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Matthew Bowers

  • 1305 Kinnear Rd
    Columbus, OH 43212


Matt is a member of Michael Mills' group. He is currently studying the mechanisms of deformation in NiTi-based shape memory alloys.  These materials are unique because of their ability to undergo large reversible strains and retain a "memory" of their original shape via a mechanically or thermally induced martensitic phase transformation.  Despite their promise for use in surgical stents, solid state actuation, and even MEMS applications, they suffer from rapid functional fatigue during cycling.  In an effort to better understand the responsible mechanisms and create more fatigue-resistant alloys, this work couples micropillar compression testing with post mortem scanning transmission electron microscopy (STEM) analysis of the resulting defect content.  This enables the direct observation of dislocations associated with elementary transformation processes and has proven to be a novel method for studying the relationship between transformation and plasticity.  These experimental results are compared with various modeling efforts to more clearly understand the mechanisms of defect generation in NiTi and other shape memory alloys.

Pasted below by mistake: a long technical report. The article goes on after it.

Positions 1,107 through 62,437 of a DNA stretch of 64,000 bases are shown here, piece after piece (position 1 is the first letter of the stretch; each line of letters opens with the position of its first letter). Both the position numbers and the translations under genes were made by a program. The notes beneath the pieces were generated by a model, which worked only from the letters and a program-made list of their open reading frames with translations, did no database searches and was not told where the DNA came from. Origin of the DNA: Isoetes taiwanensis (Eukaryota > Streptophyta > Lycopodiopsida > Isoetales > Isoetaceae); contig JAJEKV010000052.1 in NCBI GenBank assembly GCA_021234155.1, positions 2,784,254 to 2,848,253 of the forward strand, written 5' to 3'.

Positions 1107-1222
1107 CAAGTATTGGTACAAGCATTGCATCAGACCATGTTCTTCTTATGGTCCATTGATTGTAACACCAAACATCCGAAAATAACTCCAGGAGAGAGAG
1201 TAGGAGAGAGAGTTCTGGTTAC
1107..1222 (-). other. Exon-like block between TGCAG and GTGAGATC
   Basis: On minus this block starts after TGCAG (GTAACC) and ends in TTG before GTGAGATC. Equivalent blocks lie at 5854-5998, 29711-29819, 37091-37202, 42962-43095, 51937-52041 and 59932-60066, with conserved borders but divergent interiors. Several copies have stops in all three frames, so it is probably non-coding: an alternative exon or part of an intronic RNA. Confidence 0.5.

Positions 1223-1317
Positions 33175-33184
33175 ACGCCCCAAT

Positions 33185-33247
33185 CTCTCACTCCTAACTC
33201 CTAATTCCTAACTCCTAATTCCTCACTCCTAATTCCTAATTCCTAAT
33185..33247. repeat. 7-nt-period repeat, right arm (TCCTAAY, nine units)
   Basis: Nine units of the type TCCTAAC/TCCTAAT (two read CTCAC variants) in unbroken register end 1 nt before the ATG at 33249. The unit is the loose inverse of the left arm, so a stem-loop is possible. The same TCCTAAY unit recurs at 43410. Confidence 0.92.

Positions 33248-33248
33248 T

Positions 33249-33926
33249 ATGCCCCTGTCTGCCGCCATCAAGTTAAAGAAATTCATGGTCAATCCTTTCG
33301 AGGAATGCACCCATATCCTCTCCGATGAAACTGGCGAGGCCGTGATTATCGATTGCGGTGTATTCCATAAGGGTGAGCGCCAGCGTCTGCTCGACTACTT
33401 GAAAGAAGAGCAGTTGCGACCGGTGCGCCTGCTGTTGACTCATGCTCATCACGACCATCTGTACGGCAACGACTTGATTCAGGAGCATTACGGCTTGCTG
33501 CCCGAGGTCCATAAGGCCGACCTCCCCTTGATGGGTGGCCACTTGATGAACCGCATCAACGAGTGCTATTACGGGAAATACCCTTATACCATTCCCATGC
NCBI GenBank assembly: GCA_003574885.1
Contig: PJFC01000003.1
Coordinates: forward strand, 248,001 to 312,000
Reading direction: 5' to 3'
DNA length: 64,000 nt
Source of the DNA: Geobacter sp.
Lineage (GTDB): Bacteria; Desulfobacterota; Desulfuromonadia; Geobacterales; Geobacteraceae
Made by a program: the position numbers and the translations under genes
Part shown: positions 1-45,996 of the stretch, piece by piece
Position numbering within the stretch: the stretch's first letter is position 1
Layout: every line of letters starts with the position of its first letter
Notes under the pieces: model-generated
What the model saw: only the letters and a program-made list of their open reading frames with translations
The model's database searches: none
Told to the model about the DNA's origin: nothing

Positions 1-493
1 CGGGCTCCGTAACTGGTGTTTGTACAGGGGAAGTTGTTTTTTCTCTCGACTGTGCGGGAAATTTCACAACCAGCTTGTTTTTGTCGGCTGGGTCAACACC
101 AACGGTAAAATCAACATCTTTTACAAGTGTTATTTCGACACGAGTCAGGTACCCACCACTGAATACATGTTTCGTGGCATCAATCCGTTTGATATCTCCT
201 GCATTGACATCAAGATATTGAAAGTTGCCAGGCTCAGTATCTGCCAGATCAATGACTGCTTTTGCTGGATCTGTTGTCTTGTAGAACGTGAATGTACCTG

An SEM micrograph of a FIB-machined, 5um diameter micropillar (top) and a bright field STEM micrograph of post-compression dislocation structures in a NiTi micropillar cross-sectional foil (bottom).